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On Mon, Oct 13, 2008 at 11:40 AM, Christian Eisen <mai at="" christianeisen.com=""> wrote: > Hello to all, > > first of all I have to apologize for posting this several times, oviously > the web interface of my institute mail adress doesn't let me post via > mailing list...whatever... > I am quite new to the topic of microarray analysis but I have a solid > background > on R. I am running a one-color Array from Agilent for my diploma thesis and > I am currently analyzing the data I got. > I always thought that, when looking at the raw data, if a gene gives a low > value > (intensity) within one considered group and a high value (value) within the > other group considered > this particular gene can be regarded to be upregulated respectively > downregulated, whatever > comparison of the two groups is interesting. > However I was proven wrong when looking at preprocessed data of such two > genes. > The now transformed data for the two genes doesn't differ at all or very > much. > Sure I know it is log2 transformed and processed but however, going from a > 10-fold change > down to a 0,6-fold change seems a little bit far off for me. > There can't be that much noise in such a signal...or am I wrong? > As I said maybe my limited knowledge just doesn't let me interpret the data > apropriately > therfore I would be grateful for any kind of help. > > I tried VSN normalization, quantile normalization and a simple log2 > transformation of the raw data. > For differential expression analysis I use linear models implemented in the > limma package > as described in the vignette for one-color data. > Oddly enough these analysis always brings up genes which aren't > differentially expressed at all > between the two considered groups. Rather than that it lists genes as > "significantly" differently expressed > between the two considered groups which show a raw intensity data as well as > normalized data fold-change of maximal 1.0. > > I really hope someone can help me clearify some of the issues mentioned > above,since > I really can't expect any help from my people here since they are even more > unfamiliar than me. > I appreciate any kind of input! > > Thanks a lot and best wishes > Christian Hi, Christian. How are you calculating fold change? When calculating fold change on the log scale, you need to subtract and not divide. If that isn't the problem, then you will need to be a bit more explicit about what you have done and what the numbers are. Providing some code, some sample output showing the problem, and your sessionInfo() are all important pieces to getting useful help. Sean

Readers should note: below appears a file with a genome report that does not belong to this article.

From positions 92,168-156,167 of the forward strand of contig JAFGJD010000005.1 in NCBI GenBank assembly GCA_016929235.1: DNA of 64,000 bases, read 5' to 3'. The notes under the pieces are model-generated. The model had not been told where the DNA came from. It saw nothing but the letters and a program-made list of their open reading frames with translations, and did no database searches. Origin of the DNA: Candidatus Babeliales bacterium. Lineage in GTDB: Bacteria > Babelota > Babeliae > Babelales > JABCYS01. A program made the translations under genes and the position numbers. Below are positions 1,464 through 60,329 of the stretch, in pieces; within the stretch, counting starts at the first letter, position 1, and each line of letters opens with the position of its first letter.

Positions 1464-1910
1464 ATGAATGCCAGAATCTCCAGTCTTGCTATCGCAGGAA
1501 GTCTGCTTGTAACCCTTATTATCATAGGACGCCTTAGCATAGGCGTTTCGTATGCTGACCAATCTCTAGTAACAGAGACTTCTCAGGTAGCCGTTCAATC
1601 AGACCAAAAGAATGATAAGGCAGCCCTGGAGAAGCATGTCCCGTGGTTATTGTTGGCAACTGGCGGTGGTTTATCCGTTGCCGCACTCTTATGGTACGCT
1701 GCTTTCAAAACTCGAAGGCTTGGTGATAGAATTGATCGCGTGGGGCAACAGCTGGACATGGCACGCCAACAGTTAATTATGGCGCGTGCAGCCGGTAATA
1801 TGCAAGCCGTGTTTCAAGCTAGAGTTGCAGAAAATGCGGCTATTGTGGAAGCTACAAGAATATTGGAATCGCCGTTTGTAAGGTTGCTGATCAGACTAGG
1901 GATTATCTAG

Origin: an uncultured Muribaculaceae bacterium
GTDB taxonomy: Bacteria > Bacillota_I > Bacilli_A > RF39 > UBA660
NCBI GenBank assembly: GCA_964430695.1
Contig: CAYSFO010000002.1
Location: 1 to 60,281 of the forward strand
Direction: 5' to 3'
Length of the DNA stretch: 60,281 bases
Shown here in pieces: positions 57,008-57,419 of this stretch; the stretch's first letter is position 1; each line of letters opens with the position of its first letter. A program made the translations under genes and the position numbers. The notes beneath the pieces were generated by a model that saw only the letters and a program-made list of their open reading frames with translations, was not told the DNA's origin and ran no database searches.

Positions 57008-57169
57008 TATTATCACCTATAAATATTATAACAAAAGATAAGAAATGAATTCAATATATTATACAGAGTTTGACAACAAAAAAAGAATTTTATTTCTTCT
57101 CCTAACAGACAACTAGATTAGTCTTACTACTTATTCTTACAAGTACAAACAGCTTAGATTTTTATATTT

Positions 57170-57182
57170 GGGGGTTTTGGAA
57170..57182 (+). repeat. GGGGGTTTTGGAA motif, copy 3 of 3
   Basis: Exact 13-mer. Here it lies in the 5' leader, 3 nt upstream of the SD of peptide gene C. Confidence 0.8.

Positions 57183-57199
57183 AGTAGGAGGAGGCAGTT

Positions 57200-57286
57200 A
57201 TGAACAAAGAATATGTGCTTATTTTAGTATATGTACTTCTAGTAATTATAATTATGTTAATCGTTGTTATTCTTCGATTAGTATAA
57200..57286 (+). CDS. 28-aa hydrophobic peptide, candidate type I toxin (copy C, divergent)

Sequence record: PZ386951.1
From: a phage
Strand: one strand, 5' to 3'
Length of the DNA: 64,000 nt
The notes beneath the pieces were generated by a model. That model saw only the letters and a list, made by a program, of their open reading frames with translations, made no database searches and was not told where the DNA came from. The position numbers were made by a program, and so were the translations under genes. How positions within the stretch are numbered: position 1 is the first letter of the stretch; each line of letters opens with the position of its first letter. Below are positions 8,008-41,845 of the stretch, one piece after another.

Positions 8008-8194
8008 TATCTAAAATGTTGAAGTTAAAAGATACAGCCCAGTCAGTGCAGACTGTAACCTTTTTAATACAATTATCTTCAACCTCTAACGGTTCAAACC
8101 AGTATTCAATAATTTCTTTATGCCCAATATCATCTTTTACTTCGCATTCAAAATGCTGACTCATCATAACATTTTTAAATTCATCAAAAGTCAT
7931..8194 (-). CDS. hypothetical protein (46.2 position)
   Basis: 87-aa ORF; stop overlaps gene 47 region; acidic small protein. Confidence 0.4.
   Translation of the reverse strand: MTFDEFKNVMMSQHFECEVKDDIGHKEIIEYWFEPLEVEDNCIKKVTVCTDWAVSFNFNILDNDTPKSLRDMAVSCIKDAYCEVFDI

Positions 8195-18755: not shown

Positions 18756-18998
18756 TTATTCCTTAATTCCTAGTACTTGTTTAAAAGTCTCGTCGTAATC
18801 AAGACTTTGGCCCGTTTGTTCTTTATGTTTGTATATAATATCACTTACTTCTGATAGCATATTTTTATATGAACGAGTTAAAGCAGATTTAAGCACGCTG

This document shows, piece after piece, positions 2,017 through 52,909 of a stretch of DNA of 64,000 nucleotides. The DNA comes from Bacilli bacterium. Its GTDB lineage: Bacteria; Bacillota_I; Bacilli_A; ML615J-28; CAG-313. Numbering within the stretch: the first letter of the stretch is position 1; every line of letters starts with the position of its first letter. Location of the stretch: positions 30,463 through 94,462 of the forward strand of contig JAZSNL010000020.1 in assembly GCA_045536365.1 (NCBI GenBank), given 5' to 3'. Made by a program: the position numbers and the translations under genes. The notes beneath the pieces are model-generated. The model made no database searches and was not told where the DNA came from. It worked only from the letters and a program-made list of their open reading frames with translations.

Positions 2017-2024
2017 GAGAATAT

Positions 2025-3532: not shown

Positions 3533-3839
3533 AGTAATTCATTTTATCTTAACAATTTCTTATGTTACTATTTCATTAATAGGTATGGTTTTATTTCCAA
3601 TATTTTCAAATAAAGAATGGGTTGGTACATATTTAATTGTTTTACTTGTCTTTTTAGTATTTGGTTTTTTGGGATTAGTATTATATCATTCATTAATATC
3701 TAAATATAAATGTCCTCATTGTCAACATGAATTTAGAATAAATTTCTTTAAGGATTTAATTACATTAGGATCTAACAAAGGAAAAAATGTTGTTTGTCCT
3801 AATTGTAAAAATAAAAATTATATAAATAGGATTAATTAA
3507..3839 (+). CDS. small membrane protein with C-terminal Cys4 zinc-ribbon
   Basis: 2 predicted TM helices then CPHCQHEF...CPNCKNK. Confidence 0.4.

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Hi Sean and everyone, thank you for your reply. I was aware that for log intensities the fold change is calculated via substraction. I have posted on example of intensity values for a ample gene in the two groups I am interessted in. I have listed all the respective values for that particular gene after transformation with the VSN or quantile method as well as simple log2 transformation of the raw data. hsa-let-7a (gene) 10.4093909361377 12.4491486453754 (log2 transformed data) 10.0910975543547 10.5456558587892 (VSN transformed data) 10.1711963483519 10.4027789253209 (quantile transformed data) 1360 5592 (raw data) Like mentioned previously I am using the limma package. I read the tab-deliminted files containing the raw data as advised by Gordon Smyth and Peter White in a previous post handling the same topic. mrawObj <- read.maimages(targets$FileName, columns = list(G = "gMedianSignal", Gb = "gBGUsed", R = "gProcessedSignal",Rb = "gBGMedianSignal"), annotation= c("ProbeName", "GeneName", "SystematicName","ControlType")) mnormObj <- mrawObj Then I perform normalization only on the green channel mnormObj$G <-normalizeBetweenArrays(mnormObj$G,method="quantile") mnormObj$G <- log2(mnormObj$G) After that I extract the transformed intensity data for the green channel into a new object and name the rows after the genes. As I have data for 16 arrays, this newly created object contains 16 columns, one for each array, and around 13.000 rows, one for each individual gene. preproc_data<-mnormObj_vsn$G rownames(preproc_data)<-mnormObj_vsn$genes$GeneName For identification of differentially expressed genes I proceed as described in the limma userguide by defining a model.matrix and a cont.matrix to set the comparisons that I want the program to compute. After this I fit a linear model to my data. fit <- lmFit(preproc_data, design) fit2 <- contrasts.fit(fit, cont.matrix) fit2 <- eBayes(fit2) and display the results for the different comparisons listed in the cont.matrix Below a sample output from the VSN transformed data > topTable(fit2, coef=1, adjust="BH") ID logFC t P.Value adj.P.Val B ebv-miR-BART18-5p -2.788856 -3.925838 0.001719277 0.9999662 -4.501933 hsa-miR-671-5p 2.378257 3.875517 0.001891590 0.9999662 -4.503216 hsa-miR-663 2.308951 3.872746 0.001901578 0.9999662 -4.503287 hsa-miR-583 -1.509068 -3.758990 0.002361635 0.9999662 -4.506259 hsa-miR-671-5p 2.097918 3.661009 0.002848245 0.9999662 -4.508897 hsa-miR-671-5p 2.055704 3.576170 0.003351448 0.9999662 -4.511239 hsa-miR-663 2.354609 3.513237 0.003782239 0.9999662 -4.513012 hsa-miR-671-5p 2.136401 3.480265 0.004029907 0.9999662 -4.513952 hsa-miR-145* -3.167342 -3.452580 0.004250482 0.9999662 -4.514748 hsa-miR-373 1.602810 3.381800 0.004871484 0.9999662 -4.516809 so the strange thing is, when looking at the entry for the top hit indetified by limma anylsis you get something like this ebv-miR-BART18-5p 5.20945336562895 5.4093909361377 (log2 transformation) -0.971205336133305 1.69436870845910 (VSN transformed data) 5.19967234483636 5.31174831500496 (quantile transformation) 37 42.5 (raw data) Now you may say, sure this is clearly a relict of VSN normalization. No doubt about that but for the other methods the problem is still similar just the names of the genes are different and the fold change and p-Values. So as you see I don't understand why, for example the example above let-7a doesn't show up in the top differentially expressed gene list, while others, which a clearly not differentially expressed do. Thanks for any kind of advice helping me out on this!